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lar dipoles orient themselves in the direction of the electric field, generated by the biased p-n junctions of the EFN sensor, resulting in a net molecular dipole moment. For negative VJG the large fringing field (Figure 2) will orient the polar VOCs such that the negative charge of the molecule will be closer to the surface. This in turn will decrease the drain-source current (IDS) and consequently Ion will decrease and ∆Vth will be positive following exposure to the analyte, as shown in Figure 3 for all the VOCs. On the other hand, due to significantly smaller fringing field at positive VJG (Figure 2), the negatively charged surface hydroxyls will attract the positive end of the analytes which in turn will increase IDS during exposure to the VOC. Hence, Ion will increase and ∆Vth will be negative (Figure 3) following the exposure to small chain length analytes (e.g. ethanol, acetone), as these molecules are weakly hydrogen bonded with the sensor surface. An alkyl group in organic molecules has an inductive effect, which is likely to thrust its electrons to the opposite side of the molecules38-39, 42. This effect is greater in molecules with a larger number of carbon atoms: ethanol < propanol < butanol < hexanol. The greater the δ- character of oxygen atoms in alcohol molecules due to the inductive effect, the more strongly they attract electron-accepting atoms (in the present system hydrogen atoms in surface hydroxyls), resulting in the formation of strong hydrogen bondings. The H-bonding strength of the VOCs with the SiO2 surface increases in the order acetone < ethanol < acetic acid < propanol < butanol < hexanol38-39. The magnitude of the electric field at +0.2 V VJG may not be sufficient to orient the dipole of strongly hydrogen bonded VOCs with the SiO2 surface and consequently the negative charge of the molecule will be closer to the surface. Hence, IDS will decrease and consequently Ion will decrease and ∆Vth will be positive following exposure to the strongly hydrogen bonded VOCs (hexanol, butanol, propanol and acetic acid) even at positive VJG as observed from Figures 3a and c. On the other hand, the VBG affects mainly the position of the n-channel within the Si body, and has no influence on the fringing electric field. Thus, the negative charge of the molecule will remain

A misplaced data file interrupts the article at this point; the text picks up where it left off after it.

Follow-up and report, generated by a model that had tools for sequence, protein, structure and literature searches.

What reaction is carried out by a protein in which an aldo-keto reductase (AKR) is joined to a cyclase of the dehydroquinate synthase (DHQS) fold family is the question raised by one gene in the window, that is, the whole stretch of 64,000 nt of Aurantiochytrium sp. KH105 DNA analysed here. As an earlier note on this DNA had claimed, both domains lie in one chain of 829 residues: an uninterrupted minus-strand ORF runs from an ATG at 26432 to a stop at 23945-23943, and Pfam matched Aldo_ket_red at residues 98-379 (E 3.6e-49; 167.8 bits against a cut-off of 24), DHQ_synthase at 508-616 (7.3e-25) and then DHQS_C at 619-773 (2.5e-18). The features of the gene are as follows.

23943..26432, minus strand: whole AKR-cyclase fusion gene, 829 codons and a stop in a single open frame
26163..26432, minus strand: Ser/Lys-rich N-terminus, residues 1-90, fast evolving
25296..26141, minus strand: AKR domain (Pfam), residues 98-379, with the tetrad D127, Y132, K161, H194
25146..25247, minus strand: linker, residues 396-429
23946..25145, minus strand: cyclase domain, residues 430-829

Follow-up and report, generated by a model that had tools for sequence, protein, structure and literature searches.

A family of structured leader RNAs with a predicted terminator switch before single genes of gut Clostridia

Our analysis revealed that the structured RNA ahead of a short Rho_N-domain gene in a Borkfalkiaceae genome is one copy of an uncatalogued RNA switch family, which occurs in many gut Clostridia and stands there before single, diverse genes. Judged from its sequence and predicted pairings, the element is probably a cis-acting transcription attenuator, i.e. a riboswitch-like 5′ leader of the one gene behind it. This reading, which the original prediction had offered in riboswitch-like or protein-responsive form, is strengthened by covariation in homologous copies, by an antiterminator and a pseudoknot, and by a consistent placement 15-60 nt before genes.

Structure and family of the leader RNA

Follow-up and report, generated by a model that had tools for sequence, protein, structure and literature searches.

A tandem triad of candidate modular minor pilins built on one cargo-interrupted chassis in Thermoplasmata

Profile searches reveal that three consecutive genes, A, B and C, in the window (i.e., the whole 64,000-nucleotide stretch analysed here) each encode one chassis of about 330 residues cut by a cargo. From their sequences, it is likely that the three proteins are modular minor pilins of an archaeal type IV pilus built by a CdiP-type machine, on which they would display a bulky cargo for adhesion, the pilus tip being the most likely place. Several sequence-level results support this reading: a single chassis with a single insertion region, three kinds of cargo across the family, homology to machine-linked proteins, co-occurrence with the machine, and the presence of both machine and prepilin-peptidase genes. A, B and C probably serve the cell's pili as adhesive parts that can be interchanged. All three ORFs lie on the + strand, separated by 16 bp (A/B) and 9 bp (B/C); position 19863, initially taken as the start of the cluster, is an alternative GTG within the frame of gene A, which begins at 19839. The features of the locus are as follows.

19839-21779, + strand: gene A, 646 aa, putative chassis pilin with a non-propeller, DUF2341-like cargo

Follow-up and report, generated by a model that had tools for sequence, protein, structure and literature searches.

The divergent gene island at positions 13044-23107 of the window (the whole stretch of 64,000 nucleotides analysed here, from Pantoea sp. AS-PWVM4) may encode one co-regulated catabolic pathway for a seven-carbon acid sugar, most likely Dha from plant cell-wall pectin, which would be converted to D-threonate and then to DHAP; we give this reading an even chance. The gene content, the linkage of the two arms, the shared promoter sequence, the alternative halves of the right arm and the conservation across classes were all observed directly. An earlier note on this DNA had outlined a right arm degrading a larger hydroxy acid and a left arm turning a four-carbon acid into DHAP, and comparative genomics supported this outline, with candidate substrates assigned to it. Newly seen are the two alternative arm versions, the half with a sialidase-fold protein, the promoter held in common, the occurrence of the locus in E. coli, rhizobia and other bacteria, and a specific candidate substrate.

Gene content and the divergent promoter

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closer to the sensor surface and this will decrease IDS resulting ∆Ion (JG) negative and ∆Vth (JG) positive following the exposure to all VOCs at both positive and negative VBG. This phenomenon also indicates the important role of fringing electric field on the selectivity between different VOCs. To visualize the separability between different VOCs using the measured changes in the sensor parameters we have used linear discriminant analysis (LDA)30. LDA maximizes the ratio of between-class variance to the within-class variance to guarantee maximal separability. For better visualization through LDA, the six VOCs were divided into three different groups, based on either same functional group (hexanol, butanol, propanol and ethanol) or same chain length (propanol and acetone; and ethanol and acetic acid), as described previously. The sensor parameters of each observation were projected onto the first two or three LDA axes. Figure 4a shows the first three LDA axes for homologous alcohols. Figures 4b and c show the first two LDA axes for propanol and acetone; and ethanol and acetic acid, respectively. From LDA visualization it is clear that our EFN sensor can easily discriminate between the VOCs having same chain length but with different functional groups, propanol and acetone (Figure 4b), and ethanol and acetic acid (Figure 4c). However, it seems harder to discriminate between homologous alcohols (Figure 4a) having small difference only in chain length. Thus, in order to achieve selective detection of the targeted VOC, we have employed different state of art machine-learning based techniques as described below.